# Physics problem Fairly simple but I keep getting wrong? Help please?

1. Homework Statement

The dominant form of drag experienced by vehicles (bikes, cars, planes, etc.) at operating speeds is called form drag. It increases quadratically with velocity (essentially because the amount of air you run into increases with and so does the amount of force you must exert on each small volume of air). Thus
Fdrag=C_dA_*v^2.............where A is the cross-sectional area of the vehicle and C_d is called the coefficient of drag.

Consider a vehicle moving with constant velocity . Find the power dissipated by form drag?

P=?

## Homework Equations

P=(delta Work)/ (delta time)

or P= F*v

## The Attempt at a Solution

Fdrag=C_dA_*v^3 <----- how is this wrong? Maybe I am misinterpreting the problem?

## Answers and Replies

PhanthomJay
Science Advisor
Homework Helper
Gold Member
You have the wrong drag equation, the power dissipated is Pdrag = CdA*p*v3, where p is the mass density of air . As long as you are ignoring other dissipative forces, at constant velocity the power dissipated by the drag is equal to the power delivered by the car or bike or aeroplane. (The drag factor for a car is a bit more complex than just Cd; an equivalent 'CdA' factor is often used).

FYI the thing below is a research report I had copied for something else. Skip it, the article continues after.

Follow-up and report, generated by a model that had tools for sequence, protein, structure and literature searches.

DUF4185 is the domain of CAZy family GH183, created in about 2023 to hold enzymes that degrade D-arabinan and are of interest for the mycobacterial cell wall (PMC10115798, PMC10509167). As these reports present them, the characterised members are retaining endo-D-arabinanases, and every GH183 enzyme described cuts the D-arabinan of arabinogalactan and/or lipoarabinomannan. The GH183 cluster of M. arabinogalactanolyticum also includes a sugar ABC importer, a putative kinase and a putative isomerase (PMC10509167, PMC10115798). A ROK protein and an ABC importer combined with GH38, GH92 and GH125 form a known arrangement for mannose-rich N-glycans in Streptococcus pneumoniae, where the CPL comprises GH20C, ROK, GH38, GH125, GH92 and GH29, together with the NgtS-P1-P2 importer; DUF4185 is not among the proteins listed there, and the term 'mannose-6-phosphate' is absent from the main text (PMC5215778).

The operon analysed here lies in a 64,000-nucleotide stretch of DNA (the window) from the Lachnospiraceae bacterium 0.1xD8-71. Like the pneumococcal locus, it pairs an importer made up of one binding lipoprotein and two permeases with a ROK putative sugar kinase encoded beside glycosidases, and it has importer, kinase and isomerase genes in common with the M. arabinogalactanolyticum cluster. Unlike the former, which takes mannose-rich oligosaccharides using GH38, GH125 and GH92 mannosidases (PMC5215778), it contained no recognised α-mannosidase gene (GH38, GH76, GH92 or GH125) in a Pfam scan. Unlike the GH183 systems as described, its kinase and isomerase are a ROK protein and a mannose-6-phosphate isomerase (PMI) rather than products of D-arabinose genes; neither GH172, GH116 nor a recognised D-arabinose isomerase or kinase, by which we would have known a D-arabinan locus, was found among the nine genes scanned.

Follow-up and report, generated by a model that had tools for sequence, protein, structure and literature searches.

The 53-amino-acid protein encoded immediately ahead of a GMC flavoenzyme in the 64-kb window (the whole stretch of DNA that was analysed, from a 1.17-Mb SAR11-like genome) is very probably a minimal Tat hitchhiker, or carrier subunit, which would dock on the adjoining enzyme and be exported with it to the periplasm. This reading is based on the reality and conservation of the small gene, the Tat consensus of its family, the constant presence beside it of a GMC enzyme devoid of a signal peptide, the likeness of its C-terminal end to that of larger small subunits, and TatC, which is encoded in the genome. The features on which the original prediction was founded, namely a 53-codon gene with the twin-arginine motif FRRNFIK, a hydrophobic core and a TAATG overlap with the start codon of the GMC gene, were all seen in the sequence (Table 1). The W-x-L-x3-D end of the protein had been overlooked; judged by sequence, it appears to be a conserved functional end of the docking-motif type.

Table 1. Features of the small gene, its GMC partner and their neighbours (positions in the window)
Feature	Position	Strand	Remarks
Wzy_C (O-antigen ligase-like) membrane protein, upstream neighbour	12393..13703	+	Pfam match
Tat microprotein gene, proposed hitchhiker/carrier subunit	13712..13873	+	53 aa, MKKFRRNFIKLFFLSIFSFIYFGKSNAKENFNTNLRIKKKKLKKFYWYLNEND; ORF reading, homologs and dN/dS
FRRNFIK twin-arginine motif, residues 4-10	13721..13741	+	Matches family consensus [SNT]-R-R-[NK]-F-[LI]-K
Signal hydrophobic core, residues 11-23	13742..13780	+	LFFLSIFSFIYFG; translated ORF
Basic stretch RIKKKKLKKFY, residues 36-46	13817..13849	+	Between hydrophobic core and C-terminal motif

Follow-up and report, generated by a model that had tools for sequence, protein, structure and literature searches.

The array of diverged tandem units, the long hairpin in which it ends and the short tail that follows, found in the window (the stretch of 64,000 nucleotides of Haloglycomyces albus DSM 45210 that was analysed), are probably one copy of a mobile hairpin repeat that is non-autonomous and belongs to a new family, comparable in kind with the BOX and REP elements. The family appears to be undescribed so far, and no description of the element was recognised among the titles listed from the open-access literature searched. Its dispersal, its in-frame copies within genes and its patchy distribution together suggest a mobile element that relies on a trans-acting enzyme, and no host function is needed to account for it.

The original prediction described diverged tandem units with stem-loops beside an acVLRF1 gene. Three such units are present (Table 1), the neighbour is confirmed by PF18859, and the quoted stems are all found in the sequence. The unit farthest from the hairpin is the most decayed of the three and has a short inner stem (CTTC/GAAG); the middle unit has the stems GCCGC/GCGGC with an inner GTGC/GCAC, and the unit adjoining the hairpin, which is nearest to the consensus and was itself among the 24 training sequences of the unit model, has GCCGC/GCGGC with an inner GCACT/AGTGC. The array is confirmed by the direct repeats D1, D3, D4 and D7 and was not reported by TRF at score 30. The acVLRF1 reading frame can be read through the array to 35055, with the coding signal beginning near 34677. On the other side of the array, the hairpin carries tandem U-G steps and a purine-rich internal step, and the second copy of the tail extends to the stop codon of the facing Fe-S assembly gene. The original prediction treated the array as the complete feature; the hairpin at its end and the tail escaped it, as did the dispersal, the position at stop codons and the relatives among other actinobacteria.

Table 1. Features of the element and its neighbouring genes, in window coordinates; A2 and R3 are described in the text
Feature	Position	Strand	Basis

You have the wrong drag equation, the power dissipated is Pdrag = CdA*p*v3, where p is the mass density of air . As long as you are ignoring other dissipative forces, at constant velocity the power dissipated by the drag is equal to the power delivered by the car or bike or aeroplane. (The drag factor for a car is a bit more complex than just Cd; an equivalent 'CdA' factor is often used).

The online problem told me that P=C_d*A*v^2 and to only express my answer using the terms C_d, A, and v. So then how would I express this? I thought I was correct the first time but this seemingly simple problem is causing me trouble now.

PhanthomJay
Science Advisor
Homework Helper
Gold Member
Well, actually both me and your online problem had it wrong, the drag force is
F_ drag = 1/2(C_d)A(p)v^2 (I forgot the 1/2) , and and P_drag = 1/2(C_d)A(p)v^3, so I don't know what to tell you. Perhaps they lumped the 1/2 and p terms together as an equivalent C_d factor, but I don't know. In which case, I don't know why your answer is wrong if that's the equation they told you to use.